swimming in a swim spa

Swimming in a Swim Spa 101

5 Questions Everyone is Asking
and What You Need to Know

Whether you want to overcome a fear of the water, improve your freestyle technique, or need a convenient way to train for a swimming event, a swim spa can help you incorporate swimming into your regular routine. But swimming in a swim spa, the perfect alternative backyard pool, can be surprising. 

Swimming in a swim spa recruits different muscles and requires more body awareness in the water. It can feel challenging in the beginning but there are steps you can take to improve your sessions in the spa — and fitness. 

Master Spas recently hosted a Facebook live event, where IRONMAN coach Ben Gilliam shared his personal tips and tricks for swimming in a swim spa.

Whether you are an accomplished swimmer or just getting started, anyone can benefit from the drills and techniques that Gilliam shares.

Why does it feel different than swimming in a pool?

It’s totally normal to feel tired or challenged when swimming in a swim spa the first few times.

Swimming in a swim spa is not like doing laps in a pool. The current system creates a flow of water to swim against whereas the water in the pool is still. It’s more similar to being in an open body of water, such as a lake or ocean.

A swimmer will have to adjust body position and engage her core to stay balanced in the water.

How is a swim spa different than a pool?

The biggest difference between a pool and a swim spa is the current of water. Just like a treadmill for runners, the current creates a way for swimmers to move in place. On a treadmill, runners do not have to stop for traffic lights, make a turn to stay on a route, or weave in and out of slower runners or walkers. In a swim spa, swimmers have a solo continuous swimming experience. There’s no crowded lap lanes or flip turns. 

And just like a treadmill, select swim spa models by Master Spas have preprogrammed workouts that intuitively change the force of the current so the swimmer has to work harder or gets the opportunity to recover.

Do I need a tether?

No! If you are buying a swim spa for swimming workouts, it’s best to select a model that does not require a tether. A tether is required when the spa does not create a strong enough current to swim against. 

Master Spas manufactures two unique brands of swim spa — H2X Fitness Swim Spas and Michael Phelps Signature Swim Spas. With innovative water current systems, the H2X Challengers and Michael Phelps models are ideal for swimming.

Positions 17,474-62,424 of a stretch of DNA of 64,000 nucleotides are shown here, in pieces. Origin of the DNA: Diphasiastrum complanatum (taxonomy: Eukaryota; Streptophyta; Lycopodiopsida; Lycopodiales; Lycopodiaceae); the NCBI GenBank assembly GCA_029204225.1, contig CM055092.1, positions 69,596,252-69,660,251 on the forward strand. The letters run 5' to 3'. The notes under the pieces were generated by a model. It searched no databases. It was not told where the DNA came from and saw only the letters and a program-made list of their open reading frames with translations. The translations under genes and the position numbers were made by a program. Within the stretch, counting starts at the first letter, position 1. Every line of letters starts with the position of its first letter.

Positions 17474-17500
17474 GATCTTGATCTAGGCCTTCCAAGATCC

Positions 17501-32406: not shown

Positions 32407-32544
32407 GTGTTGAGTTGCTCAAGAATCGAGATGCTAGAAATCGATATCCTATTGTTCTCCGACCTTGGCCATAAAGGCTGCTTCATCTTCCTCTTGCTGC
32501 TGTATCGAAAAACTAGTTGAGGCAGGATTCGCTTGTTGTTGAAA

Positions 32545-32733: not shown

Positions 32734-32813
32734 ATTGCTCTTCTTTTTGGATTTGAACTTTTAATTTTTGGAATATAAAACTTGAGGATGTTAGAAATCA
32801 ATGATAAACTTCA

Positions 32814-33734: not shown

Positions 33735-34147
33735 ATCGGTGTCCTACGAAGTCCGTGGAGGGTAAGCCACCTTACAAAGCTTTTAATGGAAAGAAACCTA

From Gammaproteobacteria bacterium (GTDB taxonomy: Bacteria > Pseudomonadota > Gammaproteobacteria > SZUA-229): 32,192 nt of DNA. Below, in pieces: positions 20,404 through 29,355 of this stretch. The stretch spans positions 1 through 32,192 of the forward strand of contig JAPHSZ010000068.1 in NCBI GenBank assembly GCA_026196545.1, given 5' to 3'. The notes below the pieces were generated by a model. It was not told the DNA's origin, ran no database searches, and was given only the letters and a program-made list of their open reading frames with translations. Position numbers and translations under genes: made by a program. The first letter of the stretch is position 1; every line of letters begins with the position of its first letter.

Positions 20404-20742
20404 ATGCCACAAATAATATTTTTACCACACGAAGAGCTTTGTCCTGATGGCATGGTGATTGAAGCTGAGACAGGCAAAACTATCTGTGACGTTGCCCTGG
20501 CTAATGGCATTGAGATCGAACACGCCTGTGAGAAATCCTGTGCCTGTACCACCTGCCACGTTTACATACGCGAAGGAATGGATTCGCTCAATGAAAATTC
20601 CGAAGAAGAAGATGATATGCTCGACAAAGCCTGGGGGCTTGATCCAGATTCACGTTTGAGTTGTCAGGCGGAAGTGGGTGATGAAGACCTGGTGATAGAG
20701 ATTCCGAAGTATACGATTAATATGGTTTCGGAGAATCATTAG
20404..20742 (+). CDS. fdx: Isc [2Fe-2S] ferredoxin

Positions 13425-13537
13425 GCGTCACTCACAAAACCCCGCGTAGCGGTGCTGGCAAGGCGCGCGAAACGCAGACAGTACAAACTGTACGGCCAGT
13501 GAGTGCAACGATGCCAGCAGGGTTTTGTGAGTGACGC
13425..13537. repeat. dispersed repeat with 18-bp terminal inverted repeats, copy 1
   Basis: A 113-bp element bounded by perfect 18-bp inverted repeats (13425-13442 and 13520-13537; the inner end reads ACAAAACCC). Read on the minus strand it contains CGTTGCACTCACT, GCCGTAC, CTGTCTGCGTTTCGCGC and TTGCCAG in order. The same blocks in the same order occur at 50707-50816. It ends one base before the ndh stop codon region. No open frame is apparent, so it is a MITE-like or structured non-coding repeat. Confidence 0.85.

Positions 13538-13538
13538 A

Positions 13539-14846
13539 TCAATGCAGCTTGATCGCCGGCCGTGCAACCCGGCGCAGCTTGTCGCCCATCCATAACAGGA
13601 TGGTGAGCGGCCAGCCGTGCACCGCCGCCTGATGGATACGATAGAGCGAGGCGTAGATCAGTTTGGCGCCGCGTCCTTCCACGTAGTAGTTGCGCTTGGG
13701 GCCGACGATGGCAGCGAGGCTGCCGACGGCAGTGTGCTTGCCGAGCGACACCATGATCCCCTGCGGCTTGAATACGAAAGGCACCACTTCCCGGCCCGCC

swimming in a swim spa
IRONMAN triathlete Ben Hoffman swims in a Challenger, which is ideal for endurance training.

How can I improve my swimming by incorporating a swim spa?

Pros such as IRONMAN triathlete Ben Hoffman and 23-time Gold Medalist Michael Phelps enjoy the feedback that one gets in a swim spa. Whether you use an underwater camera or work with a coach, get feedback on your form so you can make the changes needed to become a better swimmer.

What can I do to make swimming in a swim spa easier?

Using swim tools and drills can help you improve your technique and acclimate to swimming in a swim spa.

Here are the three things you need:

A pull buoy, which helps give buoyancy to your lower body. According to Gilliam, triathletes often swim with these because they are trying not to kick because they are saving their legs for the rest of the day. Using a buoy will make swimming easier for you in the swim spa. 

Put into practice: Place the buoy between your upper thighs and do three sets of 1 minute, making sure to rest between intervals. 

Center snorkel, which helps improve your body position and technique. A center snorkel that extends out of the water is best when you are training in a swim spa, so you can keep water from getting in the tube. Using a snorkel can also improve your aerobic and lung capacity.

Put into practice: Keeping the buoy in place, position the snorkel and begin swimming. Do three sets of 1 minute, making sure to rest between intervals. 

Nose plug, which makes sure you are not breathing in water. Breathing can be one of the most challenging parts of swimming, especially for beginners. By using the nose plug, along with the snorkel and buoy, you take the stress out of breathing so you can focus completely on the quality of your stroke.

When the buoy, snorkel, and plug are in place, you can try swimming for a longer set. Maybe that’s three sets of 3 minutes or 15 minutes straight. 

With a swim spa by Master Spas, it’s all about you setting the pace and reaching your goals — without ever reaching the wall.